There are no simple answers to these questions, but while HR departments search and wait for a collective epiphany, here are five key points that managers and supervisors need to keep in mind:
1. The value of feedback stays high when channels remain open.
A sudden blast of unaccustomed feedback once a year, whether positive or negative, isn’t likely to have much impact on long term performance. A manager who rarely offers feedback will eventually seem disconnected from an employee’s daily activities. And how much can praise or criticism mean when it comes from someone with little knowledge of what we actually do? When feedback is rare, it’s jarring, questionable, and ultimately dismissible. Especially the negative kind.
On the other hand, regular doses of meaningful feedback build trust on both sides. Trust leads to credibility, and credibility leads to open ears and a calm, flexible response to performance assessment. Regular feedback transforms the process from an intimidating event to an every-day communication tool. Feedback and constant nudges keep employees on-track and help them reach their goals.
2. Employees appreciate it more than managers may realise.
A manger may spend an hour searching for a way to phrase criticism delicately while, meanwhile, an employee continues to fumble in the dark, wanting nothing more than a clear indication that she is or isn’t on the right track. Employees are often less concerned with displays of approval then they are with doing a good job. Don’t underestimate their resilience. Most employees WANT to learn, want to improve, and want continuous feedback.
3. Don’t expect employees to read between the lines.
This is a common practice. Managers are hesitant to confront employees or simply do not make the time to properly plan or schedule proper feedback sessions. Instead, they make a comment or send a small email and sandwich the feedback in other content. Employees cannot be expected to analyse their supervisor’s words or intents – and for good reason. No organisation wants their employees spending time deducing meaning. If managers have something relevant and productive to say – positive or constructive – they should say it clearly, quickly and concisely.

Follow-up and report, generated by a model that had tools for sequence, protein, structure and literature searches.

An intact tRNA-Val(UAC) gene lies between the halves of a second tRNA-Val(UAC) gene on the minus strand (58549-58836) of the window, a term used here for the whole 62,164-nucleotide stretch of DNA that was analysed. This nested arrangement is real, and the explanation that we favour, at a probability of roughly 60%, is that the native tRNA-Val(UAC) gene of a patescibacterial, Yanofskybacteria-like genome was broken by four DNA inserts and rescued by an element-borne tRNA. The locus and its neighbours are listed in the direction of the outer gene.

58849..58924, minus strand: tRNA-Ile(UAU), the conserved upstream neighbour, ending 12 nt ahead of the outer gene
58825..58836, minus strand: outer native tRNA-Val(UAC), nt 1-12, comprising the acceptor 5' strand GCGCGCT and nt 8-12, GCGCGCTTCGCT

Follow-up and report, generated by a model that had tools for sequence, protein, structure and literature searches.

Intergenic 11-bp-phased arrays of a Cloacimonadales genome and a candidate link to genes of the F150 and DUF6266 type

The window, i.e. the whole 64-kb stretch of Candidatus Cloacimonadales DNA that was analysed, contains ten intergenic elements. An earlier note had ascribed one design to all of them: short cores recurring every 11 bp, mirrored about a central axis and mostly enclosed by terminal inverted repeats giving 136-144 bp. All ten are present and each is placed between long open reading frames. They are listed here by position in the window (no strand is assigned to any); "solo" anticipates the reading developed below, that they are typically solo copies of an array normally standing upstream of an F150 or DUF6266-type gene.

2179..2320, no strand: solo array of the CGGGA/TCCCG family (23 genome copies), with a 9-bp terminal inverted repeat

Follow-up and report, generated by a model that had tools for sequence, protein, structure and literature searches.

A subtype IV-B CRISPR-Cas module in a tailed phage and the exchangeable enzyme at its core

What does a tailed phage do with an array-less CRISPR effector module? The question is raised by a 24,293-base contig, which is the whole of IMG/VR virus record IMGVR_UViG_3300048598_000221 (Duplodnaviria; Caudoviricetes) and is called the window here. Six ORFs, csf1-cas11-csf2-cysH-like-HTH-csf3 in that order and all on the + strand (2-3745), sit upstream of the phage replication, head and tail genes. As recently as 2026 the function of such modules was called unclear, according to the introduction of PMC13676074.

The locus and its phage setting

4. Be timely, specific, and focus on behaviour.
The best employee feedback is timely, specific, and focuses on behaviour and not the person or the intent. Solution-oriented feedback revolves around managers being committed to development and improvement rather than simply critiquing employees. Vague comments leave room for employee confusion and interpretation, and feedback that isn’t timely can be a complete waste of time if the incident or project has passed.
5. Feedback represents valuable data, but only when it’s handled properly.
No matter how it’s collected or received, feedback represents a two-way data stream between a company and an employee. And like any form of data, feedback will have more value if it’s stored, managed, and aggregated effectively. No matter how you choose to shape your HR management strategy, a sophisticated software platform like emPerform can help you process feedback and get the most out of your employee-supervisor relationships.
If you are looking for a way to facilitate ongoing performance feedback in your organization, we invite you to explore emPerform’s award-winning software suite which includes tag for ongoing real-time feedback.